“What I believe is that Al Qaeda is seeking this capability,” Mr. Tenet said.
Pakistani officials have been visiting Washington recently offering assurances that their nuclear supplies and weapons are locked down with sophisticated new technology. During a presentation at the Henry L. Stimson Center, a nonprofit organization here that studies nuclear proliferation, Lt. Col. Zafar Ali, who works in the arms control section of the Pakistani Strategic Plans Division, said that while Al Qaeda and other groups may want a nuclear weapon, “there are doubts that these organizations have the capability to fabricate a nuclear device.”
He bristled at the continuing questions about Pakistan’s nuclear security, arguing that “there is no reported case of security failure subsequent to A. Q. Khan’s case” in 2004, and suggested that American concerns would be better directed at Russia.
But few experts in the Bush administration are reassured, saying that their fear is not only leakage from Pakistan, but a takeover of the government of the president, Gen. Pervez Musharraf. It is a subject they will never discuss on the record, but one that is the constant topic of study and assessment.
The issue of shaping a new policy even presents difficulties when dealing with a country like Iran, which, like North Korea, was once described by President Bush as a member of an “axis of evil.” Tehran does not yet possess nuclear weapons, and inspectors believe that it has produced only small amounts of nuclear fuel, not enough to make a bomb, and none of it bomb grade.
In the cabinet-level discussion last May, Mr. Bush’s top advisers concluded that issuing a warning to Iran might signal that the United States was preparing for the day when Iran becomes a nuclear-armed state, an impression that one former senior administration official said “is not the message we want to send.” As a result, Iran did not receive a warning similar to the one issued to North Korea, whose test made clear that it is edging into the nuclear club.
Mr. Sagan said he supported that approach, saying that if Mr. Bush issues a declaration specifically aimed at Iran, it may be heard among the most radical leaders in Tehran as a tacit acknowledgment that the United States has accepted the possibility that Iran is going to go nuclear.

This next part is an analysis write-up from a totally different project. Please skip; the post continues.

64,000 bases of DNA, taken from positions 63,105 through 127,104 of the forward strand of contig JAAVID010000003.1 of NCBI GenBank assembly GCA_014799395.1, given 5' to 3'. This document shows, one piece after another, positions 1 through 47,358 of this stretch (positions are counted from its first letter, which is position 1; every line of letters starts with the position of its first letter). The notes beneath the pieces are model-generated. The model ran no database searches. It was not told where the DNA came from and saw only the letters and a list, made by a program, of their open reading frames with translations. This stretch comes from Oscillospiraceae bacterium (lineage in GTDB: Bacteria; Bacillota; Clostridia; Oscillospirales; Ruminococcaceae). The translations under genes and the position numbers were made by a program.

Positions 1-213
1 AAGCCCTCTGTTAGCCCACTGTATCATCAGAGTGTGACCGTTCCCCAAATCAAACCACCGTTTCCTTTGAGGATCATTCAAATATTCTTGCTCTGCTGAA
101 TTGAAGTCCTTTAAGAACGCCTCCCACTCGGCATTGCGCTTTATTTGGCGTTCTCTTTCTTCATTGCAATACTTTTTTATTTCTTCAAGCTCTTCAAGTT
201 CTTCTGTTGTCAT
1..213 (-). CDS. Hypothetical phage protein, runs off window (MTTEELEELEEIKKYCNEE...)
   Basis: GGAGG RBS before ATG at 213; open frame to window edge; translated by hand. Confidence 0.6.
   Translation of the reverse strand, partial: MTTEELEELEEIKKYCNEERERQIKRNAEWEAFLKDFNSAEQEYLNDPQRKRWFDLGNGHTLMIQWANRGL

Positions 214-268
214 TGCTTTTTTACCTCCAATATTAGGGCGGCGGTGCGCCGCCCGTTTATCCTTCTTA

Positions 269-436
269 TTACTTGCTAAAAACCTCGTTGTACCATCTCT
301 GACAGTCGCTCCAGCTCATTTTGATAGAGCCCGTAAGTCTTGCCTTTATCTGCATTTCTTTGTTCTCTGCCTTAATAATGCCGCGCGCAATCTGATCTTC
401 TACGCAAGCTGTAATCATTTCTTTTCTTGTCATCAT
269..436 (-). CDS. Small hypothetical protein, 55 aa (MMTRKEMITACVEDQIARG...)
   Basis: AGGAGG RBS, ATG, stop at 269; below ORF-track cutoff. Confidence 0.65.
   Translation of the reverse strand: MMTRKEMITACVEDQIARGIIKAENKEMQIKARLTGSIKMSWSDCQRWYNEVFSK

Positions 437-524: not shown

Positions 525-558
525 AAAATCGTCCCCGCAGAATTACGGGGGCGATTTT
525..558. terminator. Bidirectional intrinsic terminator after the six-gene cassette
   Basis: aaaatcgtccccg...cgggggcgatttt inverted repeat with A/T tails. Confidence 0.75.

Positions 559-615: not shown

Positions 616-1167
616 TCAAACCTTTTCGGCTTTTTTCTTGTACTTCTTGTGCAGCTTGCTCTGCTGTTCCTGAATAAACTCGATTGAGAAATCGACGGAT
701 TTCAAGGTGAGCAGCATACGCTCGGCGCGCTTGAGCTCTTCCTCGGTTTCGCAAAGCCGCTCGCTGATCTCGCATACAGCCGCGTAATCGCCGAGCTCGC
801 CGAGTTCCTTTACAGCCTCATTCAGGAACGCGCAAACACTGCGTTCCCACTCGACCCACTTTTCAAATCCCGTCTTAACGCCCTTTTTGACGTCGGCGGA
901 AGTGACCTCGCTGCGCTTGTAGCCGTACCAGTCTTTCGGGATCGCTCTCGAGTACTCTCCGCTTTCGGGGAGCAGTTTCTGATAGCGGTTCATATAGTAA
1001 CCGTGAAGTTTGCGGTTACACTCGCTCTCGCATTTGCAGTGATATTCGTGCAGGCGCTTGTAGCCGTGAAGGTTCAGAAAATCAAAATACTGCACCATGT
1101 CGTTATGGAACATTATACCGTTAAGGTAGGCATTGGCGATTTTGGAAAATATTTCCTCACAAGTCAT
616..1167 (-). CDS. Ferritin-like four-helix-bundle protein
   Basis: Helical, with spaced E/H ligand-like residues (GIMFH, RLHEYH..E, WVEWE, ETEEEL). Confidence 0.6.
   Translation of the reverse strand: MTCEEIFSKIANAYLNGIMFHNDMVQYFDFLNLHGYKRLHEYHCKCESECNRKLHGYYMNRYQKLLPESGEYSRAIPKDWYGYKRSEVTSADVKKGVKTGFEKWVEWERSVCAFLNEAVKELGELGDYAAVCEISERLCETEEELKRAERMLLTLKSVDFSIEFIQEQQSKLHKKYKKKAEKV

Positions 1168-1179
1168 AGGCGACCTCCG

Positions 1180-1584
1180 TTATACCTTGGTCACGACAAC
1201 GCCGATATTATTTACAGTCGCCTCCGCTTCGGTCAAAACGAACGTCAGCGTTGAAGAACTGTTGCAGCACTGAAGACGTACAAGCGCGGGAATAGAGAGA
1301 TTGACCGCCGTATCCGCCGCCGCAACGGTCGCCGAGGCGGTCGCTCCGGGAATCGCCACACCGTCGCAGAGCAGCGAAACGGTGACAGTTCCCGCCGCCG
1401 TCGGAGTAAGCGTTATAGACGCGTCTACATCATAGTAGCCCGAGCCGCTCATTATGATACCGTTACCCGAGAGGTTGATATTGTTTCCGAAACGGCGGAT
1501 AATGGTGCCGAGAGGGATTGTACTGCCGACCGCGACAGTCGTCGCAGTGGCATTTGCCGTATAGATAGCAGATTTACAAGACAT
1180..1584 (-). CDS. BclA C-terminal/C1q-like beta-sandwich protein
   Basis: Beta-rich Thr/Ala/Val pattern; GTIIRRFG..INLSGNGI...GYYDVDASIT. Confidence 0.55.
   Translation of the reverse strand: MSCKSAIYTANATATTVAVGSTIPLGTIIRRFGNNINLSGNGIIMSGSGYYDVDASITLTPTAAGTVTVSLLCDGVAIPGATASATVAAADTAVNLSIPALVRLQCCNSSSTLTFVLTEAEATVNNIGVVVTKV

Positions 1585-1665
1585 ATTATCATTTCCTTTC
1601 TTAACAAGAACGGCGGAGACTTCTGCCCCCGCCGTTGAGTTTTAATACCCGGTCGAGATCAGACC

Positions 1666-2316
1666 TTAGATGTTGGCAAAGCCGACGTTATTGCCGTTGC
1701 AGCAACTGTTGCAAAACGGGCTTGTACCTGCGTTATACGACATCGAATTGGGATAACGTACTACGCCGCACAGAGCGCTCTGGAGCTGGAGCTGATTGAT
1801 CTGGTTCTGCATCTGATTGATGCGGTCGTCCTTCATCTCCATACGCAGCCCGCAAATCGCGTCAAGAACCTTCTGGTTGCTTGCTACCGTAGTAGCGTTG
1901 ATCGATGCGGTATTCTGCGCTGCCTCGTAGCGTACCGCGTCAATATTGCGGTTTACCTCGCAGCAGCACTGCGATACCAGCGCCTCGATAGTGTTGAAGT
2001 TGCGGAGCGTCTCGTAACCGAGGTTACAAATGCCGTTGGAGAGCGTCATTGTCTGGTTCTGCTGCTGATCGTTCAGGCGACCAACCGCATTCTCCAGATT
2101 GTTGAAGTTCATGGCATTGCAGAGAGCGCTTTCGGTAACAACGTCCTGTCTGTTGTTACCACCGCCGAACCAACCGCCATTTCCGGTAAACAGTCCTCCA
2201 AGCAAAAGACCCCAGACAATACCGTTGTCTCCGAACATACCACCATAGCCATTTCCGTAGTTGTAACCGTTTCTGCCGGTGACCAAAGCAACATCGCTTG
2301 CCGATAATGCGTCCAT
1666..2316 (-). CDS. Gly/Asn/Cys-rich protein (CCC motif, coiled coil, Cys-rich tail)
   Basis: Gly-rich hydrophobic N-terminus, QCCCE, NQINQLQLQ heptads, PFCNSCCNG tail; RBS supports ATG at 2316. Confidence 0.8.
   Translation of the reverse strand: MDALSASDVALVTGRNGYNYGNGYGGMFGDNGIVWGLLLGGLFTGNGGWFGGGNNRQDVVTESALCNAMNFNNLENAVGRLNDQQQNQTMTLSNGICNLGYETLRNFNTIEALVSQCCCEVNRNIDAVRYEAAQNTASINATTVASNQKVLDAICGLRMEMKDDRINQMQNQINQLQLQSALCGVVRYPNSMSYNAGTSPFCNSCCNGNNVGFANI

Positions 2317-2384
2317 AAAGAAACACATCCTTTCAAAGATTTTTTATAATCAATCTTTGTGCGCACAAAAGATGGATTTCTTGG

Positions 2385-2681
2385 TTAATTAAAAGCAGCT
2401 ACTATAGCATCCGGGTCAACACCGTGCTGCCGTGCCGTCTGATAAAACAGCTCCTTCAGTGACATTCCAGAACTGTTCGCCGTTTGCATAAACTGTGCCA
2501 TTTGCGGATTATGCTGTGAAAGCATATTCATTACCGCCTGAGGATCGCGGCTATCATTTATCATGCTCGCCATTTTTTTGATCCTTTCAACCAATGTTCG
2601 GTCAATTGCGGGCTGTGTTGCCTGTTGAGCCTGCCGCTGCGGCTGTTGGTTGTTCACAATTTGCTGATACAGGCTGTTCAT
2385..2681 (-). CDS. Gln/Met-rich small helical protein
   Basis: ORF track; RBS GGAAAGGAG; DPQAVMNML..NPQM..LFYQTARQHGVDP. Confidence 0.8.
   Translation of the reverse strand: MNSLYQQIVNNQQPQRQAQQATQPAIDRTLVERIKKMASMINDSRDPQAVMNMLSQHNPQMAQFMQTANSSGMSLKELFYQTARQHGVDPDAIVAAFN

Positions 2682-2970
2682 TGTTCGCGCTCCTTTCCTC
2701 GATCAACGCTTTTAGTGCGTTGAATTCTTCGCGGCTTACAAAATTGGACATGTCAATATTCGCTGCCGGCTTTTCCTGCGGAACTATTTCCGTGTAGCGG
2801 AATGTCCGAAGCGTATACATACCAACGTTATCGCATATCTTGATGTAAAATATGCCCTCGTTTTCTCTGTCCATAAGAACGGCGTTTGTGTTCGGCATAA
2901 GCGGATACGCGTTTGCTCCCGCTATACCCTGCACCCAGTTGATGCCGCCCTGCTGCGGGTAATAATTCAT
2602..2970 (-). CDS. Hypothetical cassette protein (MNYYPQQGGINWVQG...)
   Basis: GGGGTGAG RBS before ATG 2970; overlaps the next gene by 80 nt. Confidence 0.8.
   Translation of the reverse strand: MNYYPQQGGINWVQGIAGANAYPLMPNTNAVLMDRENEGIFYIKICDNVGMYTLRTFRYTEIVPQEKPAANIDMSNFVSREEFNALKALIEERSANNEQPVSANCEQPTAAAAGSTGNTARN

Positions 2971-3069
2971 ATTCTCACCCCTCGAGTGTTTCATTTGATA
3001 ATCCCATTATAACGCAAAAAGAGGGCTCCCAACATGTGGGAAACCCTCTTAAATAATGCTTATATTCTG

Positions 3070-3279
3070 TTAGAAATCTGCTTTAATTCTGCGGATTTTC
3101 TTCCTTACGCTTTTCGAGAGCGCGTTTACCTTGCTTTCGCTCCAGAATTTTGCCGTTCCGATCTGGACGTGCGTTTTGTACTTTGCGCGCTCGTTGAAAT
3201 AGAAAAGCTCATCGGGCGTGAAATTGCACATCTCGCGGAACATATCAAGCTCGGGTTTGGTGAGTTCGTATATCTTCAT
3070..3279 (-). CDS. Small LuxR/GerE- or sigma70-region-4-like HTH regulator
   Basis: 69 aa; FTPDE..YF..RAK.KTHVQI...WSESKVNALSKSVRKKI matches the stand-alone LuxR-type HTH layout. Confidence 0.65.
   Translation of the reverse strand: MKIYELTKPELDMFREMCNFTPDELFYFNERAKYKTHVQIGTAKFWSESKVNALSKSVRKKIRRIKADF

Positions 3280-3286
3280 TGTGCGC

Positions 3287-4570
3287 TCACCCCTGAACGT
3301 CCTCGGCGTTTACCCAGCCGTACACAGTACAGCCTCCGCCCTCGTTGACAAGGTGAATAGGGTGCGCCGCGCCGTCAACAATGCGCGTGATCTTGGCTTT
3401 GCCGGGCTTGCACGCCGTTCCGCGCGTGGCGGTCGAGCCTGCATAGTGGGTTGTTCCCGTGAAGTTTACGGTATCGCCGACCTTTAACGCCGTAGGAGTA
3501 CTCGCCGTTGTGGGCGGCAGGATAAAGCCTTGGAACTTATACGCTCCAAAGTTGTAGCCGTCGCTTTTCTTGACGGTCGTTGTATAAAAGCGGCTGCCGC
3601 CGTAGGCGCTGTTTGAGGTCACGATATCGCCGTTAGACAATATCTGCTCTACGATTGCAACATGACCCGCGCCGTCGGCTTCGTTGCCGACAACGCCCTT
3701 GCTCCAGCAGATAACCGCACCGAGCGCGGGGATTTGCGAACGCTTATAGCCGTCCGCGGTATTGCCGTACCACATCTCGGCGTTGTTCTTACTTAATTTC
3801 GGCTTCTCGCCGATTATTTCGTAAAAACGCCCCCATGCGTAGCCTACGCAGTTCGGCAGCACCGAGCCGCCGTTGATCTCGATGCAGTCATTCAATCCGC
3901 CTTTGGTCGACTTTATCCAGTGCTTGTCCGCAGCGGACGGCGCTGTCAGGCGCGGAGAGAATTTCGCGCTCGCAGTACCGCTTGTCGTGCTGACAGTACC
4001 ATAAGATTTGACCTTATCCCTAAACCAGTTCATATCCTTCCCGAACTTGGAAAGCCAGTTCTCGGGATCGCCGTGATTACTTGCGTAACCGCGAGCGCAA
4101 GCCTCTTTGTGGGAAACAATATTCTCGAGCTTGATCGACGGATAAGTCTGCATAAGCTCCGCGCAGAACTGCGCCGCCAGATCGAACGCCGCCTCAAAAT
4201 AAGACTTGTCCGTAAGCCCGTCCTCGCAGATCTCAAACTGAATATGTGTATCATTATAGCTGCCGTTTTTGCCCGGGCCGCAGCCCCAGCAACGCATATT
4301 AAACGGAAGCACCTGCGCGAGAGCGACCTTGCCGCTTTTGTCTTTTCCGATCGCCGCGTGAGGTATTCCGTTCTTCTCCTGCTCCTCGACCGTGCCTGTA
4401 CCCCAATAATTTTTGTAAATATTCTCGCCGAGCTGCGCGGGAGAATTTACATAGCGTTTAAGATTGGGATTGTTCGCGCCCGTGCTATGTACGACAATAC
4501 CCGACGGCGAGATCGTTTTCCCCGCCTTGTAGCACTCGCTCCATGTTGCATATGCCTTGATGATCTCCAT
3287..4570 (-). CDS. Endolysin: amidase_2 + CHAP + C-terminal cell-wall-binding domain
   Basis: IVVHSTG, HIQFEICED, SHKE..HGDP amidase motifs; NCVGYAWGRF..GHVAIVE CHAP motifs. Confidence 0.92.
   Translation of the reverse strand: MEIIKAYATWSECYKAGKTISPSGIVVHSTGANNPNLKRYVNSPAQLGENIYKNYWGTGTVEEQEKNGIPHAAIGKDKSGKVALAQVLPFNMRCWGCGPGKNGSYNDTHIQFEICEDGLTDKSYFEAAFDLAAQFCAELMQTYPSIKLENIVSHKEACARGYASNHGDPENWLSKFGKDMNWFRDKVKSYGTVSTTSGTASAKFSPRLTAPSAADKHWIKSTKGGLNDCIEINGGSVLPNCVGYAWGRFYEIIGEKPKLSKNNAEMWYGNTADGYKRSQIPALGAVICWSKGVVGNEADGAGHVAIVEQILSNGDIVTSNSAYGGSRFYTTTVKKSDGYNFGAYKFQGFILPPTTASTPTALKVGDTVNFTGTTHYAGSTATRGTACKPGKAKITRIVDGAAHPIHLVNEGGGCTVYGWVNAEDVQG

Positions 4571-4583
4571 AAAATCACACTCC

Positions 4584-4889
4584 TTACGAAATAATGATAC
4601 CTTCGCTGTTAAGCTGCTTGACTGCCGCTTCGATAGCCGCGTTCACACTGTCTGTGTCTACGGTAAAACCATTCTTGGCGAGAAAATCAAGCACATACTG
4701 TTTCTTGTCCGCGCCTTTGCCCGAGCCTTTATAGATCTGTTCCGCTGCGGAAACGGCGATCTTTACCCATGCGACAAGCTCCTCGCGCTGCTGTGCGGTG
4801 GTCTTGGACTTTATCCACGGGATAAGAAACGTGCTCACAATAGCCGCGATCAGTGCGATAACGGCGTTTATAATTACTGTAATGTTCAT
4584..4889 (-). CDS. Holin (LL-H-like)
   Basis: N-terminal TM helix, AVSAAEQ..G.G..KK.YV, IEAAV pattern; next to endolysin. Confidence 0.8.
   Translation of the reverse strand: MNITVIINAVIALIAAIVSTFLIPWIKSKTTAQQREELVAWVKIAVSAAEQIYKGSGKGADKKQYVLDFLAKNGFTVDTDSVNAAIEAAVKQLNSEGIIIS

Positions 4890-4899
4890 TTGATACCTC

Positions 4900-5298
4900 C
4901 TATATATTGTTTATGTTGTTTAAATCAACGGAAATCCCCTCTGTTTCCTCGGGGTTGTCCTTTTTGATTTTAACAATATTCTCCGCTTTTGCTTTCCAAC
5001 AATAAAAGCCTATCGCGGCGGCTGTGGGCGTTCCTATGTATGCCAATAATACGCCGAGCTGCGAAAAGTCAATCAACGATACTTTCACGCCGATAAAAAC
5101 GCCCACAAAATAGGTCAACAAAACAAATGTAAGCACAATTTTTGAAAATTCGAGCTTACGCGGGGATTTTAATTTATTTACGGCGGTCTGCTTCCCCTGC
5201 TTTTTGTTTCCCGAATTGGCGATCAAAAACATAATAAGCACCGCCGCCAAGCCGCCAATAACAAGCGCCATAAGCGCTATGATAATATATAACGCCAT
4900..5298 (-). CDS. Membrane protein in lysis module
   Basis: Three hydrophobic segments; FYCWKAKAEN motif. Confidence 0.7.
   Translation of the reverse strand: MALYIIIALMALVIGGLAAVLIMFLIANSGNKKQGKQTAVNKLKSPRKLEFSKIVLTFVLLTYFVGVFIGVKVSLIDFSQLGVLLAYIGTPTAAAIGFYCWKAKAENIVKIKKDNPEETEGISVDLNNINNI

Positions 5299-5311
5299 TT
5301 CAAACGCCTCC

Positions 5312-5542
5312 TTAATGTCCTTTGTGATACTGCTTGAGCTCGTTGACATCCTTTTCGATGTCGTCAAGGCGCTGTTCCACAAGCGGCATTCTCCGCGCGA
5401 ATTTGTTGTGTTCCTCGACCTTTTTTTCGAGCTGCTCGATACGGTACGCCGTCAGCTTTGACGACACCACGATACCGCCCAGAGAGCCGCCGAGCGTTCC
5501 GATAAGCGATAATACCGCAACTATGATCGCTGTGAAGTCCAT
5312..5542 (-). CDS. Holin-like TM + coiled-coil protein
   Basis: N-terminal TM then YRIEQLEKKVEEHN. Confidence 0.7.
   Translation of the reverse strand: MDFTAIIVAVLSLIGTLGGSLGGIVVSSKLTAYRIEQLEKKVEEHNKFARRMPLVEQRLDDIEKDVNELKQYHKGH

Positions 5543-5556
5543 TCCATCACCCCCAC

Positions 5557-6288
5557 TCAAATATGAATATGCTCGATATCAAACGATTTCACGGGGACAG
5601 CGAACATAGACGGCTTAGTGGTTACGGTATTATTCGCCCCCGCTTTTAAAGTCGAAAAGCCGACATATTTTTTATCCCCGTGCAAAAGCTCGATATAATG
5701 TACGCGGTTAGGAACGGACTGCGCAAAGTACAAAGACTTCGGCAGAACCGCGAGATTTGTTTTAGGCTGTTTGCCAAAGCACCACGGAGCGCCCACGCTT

“We need to distinguish between the leakage problem, where it would be inadvertent, and the provider problem, where it would be an intentional act,” said Robert S. Litwak of the Woodrow Wilson International Center for Scholars and the author of “Regime Change: U.S. Strategy Through the Prism of 9/11.”
“To the provider we should say, ‘Don’t even think about it,’ and this more explicit declaratory policy can get us traction because these regimes value their own survival above all else,” Mr. Litwak said. “For the leakage problem, we don’t want to be trapped into a question of how we retaliate against Russia or Pakistan. But through calculated ambiguity, we can create incentives for the Russians and the Pakistanis to do even more in the area of safeguarding their weapons and capabilities.”
The weekly meeting of the interagency group dealing with nuclear attribution is just one part of a governmentwide effort to prepare for what might happen after a small nuclear device was detonated in an American city, just as Washington once gamed out a nuclear exchange with the Soviet Union.
But it is a subject Mr. Bush and his aides have rarely referred to in public. In private, officials say, the Department of Homeland Security is trying to plan for more than a dozen scenarios — including one in which a bomb goes off, and terrorist groups then claim to have planted others in cities around the country.
While most of that planning takes place behind locked doors, officials responsible for it appeared at a workshop last month sponsored by the Preventive Defense Project, a research collaboration sponsored by Harvard and Stanford Universities.
The daylong discussion revealed major gaps in the planning. But it also demonstrated that while the first instinct of government officials after an explosion would be to figure out retaliation, “that would probably give way to an effort to seek the cooperation of a Pakistan or Russia to figure out where the stuff came from, what else was lost, and to hunt down the remaining bombs rather than punish the government that lost them,” said one of the conference’s organizers, Ashton B. Carter of the John F. Kennedy School of Government at Harvard.